In a movement that purports to be inclusive, tolerant and progressive, liberalism is often anything but. Sadly, some of the left’s biggest obstacles don’t come from the far right, but uncompromising idealists who insist their rigid interpretation of political correctness must be followed to the letter.
In a self-aggrandizing article in the Guardian, Australian columnist Jason Wilson berates Australians for being ‘sanctimonious’ about their radical anti gun laws and cease their ‘moral grandstanding’ over America’s latest gun massacre. He writes:
Jumping on foreign tragedies as a means of talking up Australia’s enlightened political culture , always risks blinding oneself to our own affronts to human life and human dignity.
More immediately , it glosses over the fundamental reason that Australia was able to introduce strict gun control where the United States was not. It was not that the nation “grew up” – whatever that could possibly mean. It’s that there were fewer structural impediments to introducing the necessary laws at an opportune moment, a process which was almost entirely top-down.
John Howard was able to do what Barack Obama cannot because, while Australia’s workmanlike constitution prescribes few individual rights at all, the US supreme court recently interpreted the Second Amendment as protecting the individual right to gun ownership.
Australia passed extreme anti gun law measures after a horrific massacre on April 28, 1996. A gunman opened fire on tourists in Port Arthur, Tasmania, killing 35 people and wounding 23 more in the worst mass murder in Australia’s history. There has not been a gun massacre since, yet Wilson is not happy about touting this achievement in the face of yet another massacre in America. And this is because…wait for it…cultural relativism! He writes:
A significant part of America has a different value system through which events like mass killings are interpreted. Guns represent safety for those who feel their values are under attack.
And lest we forget, Australia has its problems too, so is in no place to lecture anyone else about their problems:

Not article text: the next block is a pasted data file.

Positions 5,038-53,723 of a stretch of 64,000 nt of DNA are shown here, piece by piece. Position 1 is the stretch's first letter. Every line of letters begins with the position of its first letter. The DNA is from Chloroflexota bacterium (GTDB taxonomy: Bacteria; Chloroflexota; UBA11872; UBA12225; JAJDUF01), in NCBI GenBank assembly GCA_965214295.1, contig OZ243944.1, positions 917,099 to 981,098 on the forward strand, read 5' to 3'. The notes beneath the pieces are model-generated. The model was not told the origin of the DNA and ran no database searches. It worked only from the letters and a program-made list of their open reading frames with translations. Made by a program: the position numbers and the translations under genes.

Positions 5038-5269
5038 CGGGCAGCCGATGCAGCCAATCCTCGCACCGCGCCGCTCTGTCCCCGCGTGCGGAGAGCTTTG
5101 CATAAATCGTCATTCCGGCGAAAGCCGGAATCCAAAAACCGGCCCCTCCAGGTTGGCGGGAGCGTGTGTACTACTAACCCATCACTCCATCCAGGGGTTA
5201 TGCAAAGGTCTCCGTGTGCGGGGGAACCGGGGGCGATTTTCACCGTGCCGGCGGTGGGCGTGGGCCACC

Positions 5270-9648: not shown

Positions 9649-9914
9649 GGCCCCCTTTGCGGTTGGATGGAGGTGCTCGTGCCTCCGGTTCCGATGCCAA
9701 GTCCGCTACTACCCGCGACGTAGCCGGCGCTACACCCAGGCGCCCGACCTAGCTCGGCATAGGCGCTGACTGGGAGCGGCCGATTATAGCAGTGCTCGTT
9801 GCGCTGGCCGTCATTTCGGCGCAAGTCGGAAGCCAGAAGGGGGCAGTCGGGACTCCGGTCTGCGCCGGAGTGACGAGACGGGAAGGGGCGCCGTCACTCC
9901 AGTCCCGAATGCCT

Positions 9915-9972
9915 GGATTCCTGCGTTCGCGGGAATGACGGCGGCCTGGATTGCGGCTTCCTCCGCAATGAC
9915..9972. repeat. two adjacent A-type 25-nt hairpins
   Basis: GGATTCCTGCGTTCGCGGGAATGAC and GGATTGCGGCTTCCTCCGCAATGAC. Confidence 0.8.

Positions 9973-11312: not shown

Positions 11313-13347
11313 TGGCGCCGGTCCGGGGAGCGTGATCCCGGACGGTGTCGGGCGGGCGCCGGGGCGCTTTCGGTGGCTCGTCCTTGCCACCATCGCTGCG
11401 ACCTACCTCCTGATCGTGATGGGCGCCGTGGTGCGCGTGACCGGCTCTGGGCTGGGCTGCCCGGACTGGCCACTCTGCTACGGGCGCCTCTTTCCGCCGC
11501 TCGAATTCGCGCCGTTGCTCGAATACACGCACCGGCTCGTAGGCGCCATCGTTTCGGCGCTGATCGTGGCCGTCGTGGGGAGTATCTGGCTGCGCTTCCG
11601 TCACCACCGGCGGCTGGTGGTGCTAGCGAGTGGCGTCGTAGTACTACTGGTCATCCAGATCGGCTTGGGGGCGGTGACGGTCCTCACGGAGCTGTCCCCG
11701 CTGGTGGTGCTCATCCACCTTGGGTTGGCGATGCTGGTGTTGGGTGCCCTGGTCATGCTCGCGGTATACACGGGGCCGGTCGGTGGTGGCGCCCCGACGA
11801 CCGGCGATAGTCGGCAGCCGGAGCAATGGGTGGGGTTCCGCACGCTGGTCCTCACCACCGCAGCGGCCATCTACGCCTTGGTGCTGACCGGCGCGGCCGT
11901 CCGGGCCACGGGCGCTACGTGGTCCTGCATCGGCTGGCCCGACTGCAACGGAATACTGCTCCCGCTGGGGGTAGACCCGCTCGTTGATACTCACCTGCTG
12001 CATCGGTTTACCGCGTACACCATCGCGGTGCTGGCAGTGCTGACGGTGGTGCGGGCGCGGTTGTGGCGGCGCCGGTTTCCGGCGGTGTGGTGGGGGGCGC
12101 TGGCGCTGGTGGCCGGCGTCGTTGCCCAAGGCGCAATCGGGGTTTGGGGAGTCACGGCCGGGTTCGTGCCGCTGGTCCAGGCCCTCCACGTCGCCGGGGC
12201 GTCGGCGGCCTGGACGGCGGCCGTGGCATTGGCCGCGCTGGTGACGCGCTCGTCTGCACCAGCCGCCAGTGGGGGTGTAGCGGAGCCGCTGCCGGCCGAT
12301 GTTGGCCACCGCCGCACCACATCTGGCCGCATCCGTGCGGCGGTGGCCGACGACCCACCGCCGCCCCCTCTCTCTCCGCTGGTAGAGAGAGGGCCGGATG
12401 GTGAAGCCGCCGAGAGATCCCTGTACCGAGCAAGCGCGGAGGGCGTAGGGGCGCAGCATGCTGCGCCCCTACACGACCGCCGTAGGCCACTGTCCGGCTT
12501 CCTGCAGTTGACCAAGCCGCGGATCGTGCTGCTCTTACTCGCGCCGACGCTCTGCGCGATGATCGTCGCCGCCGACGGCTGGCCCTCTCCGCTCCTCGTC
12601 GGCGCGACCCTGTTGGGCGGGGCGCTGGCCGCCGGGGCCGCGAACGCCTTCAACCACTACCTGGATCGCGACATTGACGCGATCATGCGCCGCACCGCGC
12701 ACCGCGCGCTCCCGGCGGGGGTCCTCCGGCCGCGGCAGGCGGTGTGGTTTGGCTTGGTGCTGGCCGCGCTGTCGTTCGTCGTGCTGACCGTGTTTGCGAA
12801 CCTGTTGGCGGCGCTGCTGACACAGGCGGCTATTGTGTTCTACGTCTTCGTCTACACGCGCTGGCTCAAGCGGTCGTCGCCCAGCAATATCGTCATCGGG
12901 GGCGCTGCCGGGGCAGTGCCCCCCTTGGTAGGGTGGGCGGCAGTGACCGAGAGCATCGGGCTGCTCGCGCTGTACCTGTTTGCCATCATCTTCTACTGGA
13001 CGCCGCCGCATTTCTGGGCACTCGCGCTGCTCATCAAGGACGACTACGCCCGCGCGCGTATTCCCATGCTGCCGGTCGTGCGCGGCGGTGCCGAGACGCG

It may be better for Australians to respond to mass shootings by checking their own complacency. In the NSW parliament and in the Australian Senate, there are people successfully chipping away at gun control laws. No political settlement is invincible.
We should also think about the other contributing factor in such events. The profile that has emerged of the Roseburg killer is strikingly similar to that of Port Arthur massacre shooter Martin Bryant. Again and again, in the US, such outrages are perpetrated by alienated, socially disconnected young men.
This straw-man argument presents a mind bending leap of logic only the most ardent of liberal crusaders could make. Since 2005, over 301,797 Americans have now died from gun related injuries. This year alone, there have been 294 mass shootings. In Australia there are less than 250 gun deaths a year and there have been no mass shootings since 1996.
One could argue America is a more tolerant country than Australia, with far gentler immigration laws, less overt racism, less sexism and a more dynamic economy. These statements are probably true, and Americans would be right to argue that their country is superior to Australia in certain regards, just as say, Iceland could confidently assert it is a more humane country than Saudi Arabia. However, if there is one aspect of Australian culture (or any other industrialized democracy for that matter) that is superior to America’s, it would be attitudes to gun control. But no, Wilson demands Australians cannot talk about their astonishing reduction in gun murders because they too have mental health issues.
For the love of God, please shut up.
Ben Cohen is the editor and founder of The Daily Banter. He lives in Washington DC where he does podcasts, teaches Martial Arts, and tries to be a good father. He would be extremely disturbed if you took him too seriously.